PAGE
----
Review Price £303.50
The idea of adding a flatbed scanner and Automatic Document Feeder (ADF) to a colour laser printer to make a business multifunction printer continues to get more popular and Canon’s i-SENSYS MF8050Cn is designed for small business or smaller workgroups in larger companies.
This is quite a neat multifunction, not much wider than the A4 flatbed scanner which sits on top of it. It’s quite deep, though, as the in-line, colour laser engine runs the paper from front to back, exiting onto the top of the printer section, where there's a cut-out next to the control panel, so you can retrieve documents easily.
The control panel itself, though busy, is well laid out, with a fax dial-up pad to the right, along with the copy controls. In the centre is a five-line, backlit LCD display, with the three main mode keys for Copy, Fax and Scan behind and a navigation ring in front. To the left are fax and copy-related functions and the first five of the quick-dial numbers. Lift this section of the panel up to reveal 19 more quick-dials, a neat way of implementing dual-function buttons.
There's a front panel USB socket just below the control panel which can take a USB drive, but it's limited to saving scanned images as PDF files and can't handle walk-up printing. This is the second multifunction printer we've looked at recently with this limitation, which unnecessarily restricts these otherwise useful USB sockets.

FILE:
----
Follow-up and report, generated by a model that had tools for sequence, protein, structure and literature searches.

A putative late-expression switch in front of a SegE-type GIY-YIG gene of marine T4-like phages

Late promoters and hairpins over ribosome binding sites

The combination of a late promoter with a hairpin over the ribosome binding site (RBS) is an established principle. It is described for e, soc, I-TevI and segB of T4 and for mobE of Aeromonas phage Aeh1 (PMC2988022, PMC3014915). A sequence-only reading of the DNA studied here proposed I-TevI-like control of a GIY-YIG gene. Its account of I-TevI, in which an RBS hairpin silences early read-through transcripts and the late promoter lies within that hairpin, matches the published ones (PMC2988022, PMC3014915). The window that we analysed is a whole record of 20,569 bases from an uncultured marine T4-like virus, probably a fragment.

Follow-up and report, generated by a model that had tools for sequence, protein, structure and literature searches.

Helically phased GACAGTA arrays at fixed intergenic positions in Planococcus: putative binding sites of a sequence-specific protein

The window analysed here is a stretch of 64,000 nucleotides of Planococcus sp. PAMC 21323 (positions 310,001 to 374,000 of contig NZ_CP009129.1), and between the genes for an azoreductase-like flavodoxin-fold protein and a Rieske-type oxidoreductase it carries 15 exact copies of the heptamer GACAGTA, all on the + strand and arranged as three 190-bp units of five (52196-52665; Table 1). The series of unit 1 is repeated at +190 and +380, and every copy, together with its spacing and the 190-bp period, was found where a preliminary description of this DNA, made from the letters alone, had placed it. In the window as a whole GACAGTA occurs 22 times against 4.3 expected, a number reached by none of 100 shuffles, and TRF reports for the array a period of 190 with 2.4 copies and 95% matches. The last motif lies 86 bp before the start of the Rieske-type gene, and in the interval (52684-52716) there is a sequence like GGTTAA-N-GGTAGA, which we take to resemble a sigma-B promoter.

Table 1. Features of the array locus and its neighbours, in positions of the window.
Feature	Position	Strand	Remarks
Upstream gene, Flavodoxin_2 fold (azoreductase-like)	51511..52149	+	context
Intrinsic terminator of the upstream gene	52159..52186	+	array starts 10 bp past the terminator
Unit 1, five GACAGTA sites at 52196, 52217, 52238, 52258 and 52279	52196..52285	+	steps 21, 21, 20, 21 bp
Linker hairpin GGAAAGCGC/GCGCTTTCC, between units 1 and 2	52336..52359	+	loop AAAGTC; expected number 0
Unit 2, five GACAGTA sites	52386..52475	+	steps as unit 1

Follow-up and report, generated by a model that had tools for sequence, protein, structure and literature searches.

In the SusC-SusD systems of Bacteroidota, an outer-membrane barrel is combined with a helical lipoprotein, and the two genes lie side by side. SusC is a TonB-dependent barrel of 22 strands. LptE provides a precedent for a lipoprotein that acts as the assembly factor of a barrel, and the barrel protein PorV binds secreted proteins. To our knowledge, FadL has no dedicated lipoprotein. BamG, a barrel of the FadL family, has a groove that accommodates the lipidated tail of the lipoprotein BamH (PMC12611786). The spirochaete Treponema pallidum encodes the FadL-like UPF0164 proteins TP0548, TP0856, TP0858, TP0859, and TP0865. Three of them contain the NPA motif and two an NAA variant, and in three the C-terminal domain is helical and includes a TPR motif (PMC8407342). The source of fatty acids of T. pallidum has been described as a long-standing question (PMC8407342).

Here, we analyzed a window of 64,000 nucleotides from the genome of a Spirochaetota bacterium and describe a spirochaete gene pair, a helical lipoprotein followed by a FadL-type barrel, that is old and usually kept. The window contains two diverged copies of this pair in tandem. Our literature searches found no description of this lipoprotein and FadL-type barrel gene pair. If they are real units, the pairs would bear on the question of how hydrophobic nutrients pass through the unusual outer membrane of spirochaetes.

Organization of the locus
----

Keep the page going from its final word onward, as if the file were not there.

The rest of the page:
This is a fully networked, multifunction machine, designed for printing and copying in an office environment, yet it has a single 150-sheet paper tray with no way of adding a second, though there is a single-sheet multipurpose slot. Do we assume Canon's focus groups all said ‘150-sheets will be fine, as we have an endless stream of work experience students, whose prime task is filling the trays on our multifunction printers’?
Installation is pretty straightforward, with a typical bundle of Canon multifunction software and a copy of Presto! Page Manager for document management. Drivers are provided for Windows and OS X, though there's nothing specific offered for Linux.
The colour laser engine is the same as fitted to the LBP5050 and to HP's Color LaserJet CP1215 and CP1515n models, among others. It's a very straightforward design, where all four drum and toner cartridges sit in a slide-out tray and simply drop into place. You have to pull out a sealing tape from each one before starting, but otherwise the machine is easy to set up.